Farband Calls on Communal Bodies to Seek Jewish Studies Programs in Major Universities

Farband, the Labor Zionist Order, said today that demands of Black and Spanish-speaking students for cultural recognition branded the melting pot theory as “false and bankrupt,” It called on central Jewish communal bodies to seek establishment of programs of Jewish studies in every major university in this country “dealing as much as possible with the totality of Jewish experience.”

The Farband position was spelled out in a position paper written by Levi Soshuk of New York and adopted today by Farband’s national board. The board is the organization’s policy-making body between its quadrennial conventions.

The organization voiced “full support” for equalization of educational facilities for Negroes and other disadvantaged groups and their recognition as distinct ethnical and cultural entities, but it scored methods employed by some militants and denounced “every attempt to establish quotas for the admission of students along national and ethnic lines, no matter how well-intended.”

The organization also objected to proposals to lower academic standards of colleges and universities to permit the intake of those who cannot qualify under present standards. It said that “ways must be found to elevate the education of all disadvantaged students through supportive and remedial programs while maintaining the level which has already been achieved.”

The Farband said it viewed “with alarm” what it described as “the openly avowed purpose to convert the Black studies program into a separatist device, open only to Blacks, controlled by Blacks and directed by Blacks.” It said no university should provide the Negro student with a Black environment “any more than it is feasible or desirable to create on the campus Jewish, Italian, Spanish, Irish or Catholic ghettos.”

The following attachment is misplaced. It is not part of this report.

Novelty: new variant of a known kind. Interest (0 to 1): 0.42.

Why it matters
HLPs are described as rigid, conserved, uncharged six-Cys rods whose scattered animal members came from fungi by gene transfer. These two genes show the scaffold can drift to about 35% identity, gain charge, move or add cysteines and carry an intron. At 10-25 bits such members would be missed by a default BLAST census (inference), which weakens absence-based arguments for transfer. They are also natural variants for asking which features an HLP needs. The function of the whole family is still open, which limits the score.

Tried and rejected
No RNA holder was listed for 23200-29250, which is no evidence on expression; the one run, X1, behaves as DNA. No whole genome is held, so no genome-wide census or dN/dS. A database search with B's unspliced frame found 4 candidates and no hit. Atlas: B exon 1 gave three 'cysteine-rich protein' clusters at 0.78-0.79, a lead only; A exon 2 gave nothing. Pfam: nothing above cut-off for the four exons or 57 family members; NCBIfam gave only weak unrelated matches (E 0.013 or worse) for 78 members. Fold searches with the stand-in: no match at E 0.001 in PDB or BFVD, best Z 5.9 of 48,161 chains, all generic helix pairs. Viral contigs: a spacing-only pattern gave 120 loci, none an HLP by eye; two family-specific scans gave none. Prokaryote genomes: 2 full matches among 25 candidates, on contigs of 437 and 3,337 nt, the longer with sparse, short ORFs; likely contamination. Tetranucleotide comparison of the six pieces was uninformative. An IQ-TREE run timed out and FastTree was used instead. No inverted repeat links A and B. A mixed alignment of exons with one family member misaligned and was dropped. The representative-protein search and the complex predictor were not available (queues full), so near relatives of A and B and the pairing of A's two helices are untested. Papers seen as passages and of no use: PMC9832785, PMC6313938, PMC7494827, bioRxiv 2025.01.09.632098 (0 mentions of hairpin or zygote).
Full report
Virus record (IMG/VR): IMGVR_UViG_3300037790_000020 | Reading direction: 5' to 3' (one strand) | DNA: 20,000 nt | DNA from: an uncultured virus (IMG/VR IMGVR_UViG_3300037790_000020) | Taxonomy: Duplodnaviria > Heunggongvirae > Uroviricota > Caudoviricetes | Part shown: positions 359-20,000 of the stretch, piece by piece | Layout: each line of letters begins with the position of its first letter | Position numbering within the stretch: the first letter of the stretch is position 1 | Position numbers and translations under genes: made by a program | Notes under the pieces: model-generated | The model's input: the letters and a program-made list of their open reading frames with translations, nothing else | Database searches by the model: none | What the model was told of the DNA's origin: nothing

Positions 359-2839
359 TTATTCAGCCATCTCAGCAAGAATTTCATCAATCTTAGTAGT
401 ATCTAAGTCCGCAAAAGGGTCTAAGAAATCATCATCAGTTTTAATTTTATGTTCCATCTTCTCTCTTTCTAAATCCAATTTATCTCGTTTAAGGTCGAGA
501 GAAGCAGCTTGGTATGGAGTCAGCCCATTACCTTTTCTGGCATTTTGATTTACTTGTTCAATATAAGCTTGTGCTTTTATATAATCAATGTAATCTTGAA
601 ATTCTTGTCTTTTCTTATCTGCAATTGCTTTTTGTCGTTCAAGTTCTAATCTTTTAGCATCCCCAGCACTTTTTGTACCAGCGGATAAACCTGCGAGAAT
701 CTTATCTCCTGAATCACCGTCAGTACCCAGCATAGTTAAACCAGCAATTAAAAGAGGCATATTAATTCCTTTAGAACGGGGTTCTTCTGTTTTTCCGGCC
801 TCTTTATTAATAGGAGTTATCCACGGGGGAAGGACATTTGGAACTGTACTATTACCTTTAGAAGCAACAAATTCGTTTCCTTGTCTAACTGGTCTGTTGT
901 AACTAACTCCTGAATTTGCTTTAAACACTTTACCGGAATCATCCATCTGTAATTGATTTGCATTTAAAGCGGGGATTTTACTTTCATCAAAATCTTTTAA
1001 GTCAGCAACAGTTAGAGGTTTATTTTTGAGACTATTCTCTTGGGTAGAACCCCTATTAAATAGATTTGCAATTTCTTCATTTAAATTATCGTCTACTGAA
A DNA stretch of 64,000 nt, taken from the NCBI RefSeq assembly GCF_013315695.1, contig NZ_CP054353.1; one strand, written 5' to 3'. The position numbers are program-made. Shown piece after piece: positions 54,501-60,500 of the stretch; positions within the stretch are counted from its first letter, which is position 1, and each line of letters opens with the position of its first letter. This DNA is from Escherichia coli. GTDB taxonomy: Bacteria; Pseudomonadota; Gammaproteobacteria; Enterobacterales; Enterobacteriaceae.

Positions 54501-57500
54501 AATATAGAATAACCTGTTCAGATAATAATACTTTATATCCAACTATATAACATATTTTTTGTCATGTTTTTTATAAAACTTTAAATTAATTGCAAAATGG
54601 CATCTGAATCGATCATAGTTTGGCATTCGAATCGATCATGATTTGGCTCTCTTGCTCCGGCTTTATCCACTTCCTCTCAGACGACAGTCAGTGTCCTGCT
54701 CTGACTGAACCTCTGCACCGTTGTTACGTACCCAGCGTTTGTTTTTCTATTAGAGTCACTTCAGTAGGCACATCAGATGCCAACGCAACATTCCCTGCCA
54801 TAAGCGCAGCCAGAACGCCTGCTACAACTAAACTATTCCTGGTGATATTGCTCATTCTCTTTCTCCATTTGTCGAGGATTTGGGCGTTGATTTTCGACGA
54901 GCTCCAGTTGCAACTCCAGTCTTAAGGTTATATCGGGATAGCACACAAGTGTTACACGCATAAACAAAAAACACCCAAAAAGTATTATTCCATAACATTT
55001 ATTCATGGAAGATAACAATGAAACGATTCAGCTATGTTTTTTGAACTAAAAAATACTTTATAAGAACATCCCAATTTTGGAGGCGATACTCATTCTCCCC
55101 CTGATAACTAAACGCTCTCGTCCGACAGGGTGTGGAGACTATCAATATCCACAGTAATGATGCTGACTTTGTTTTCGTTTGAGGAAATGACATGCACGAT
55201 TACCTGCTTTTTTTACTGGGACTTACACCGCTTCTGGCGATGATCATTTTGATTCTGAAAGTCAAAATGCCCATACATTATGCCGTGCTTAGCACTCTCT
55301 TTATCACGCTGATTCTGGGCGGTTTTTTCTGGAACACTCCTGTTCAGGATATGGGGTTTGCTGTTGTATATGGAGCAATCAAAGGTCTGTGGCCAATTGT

Establishment of courses of ethnic studies should “enrich the university curriculum as a whole” the Farband declared, and “promote national harmony by advancing intergroup understanding.” The position paper noted that while there were courses in some universities on Jewish subjects, “in virtually no case do they either constitute a program of Jewish studies or deal with those aspects of Jewish experience so relevant to the present situation.” It proposed that Farband and like-minded organizations make a concerted effort “to give to the emerging Jewish generation the dignity and inner security which can only come with knowledge of the entire organic continuum of Jewish life.”

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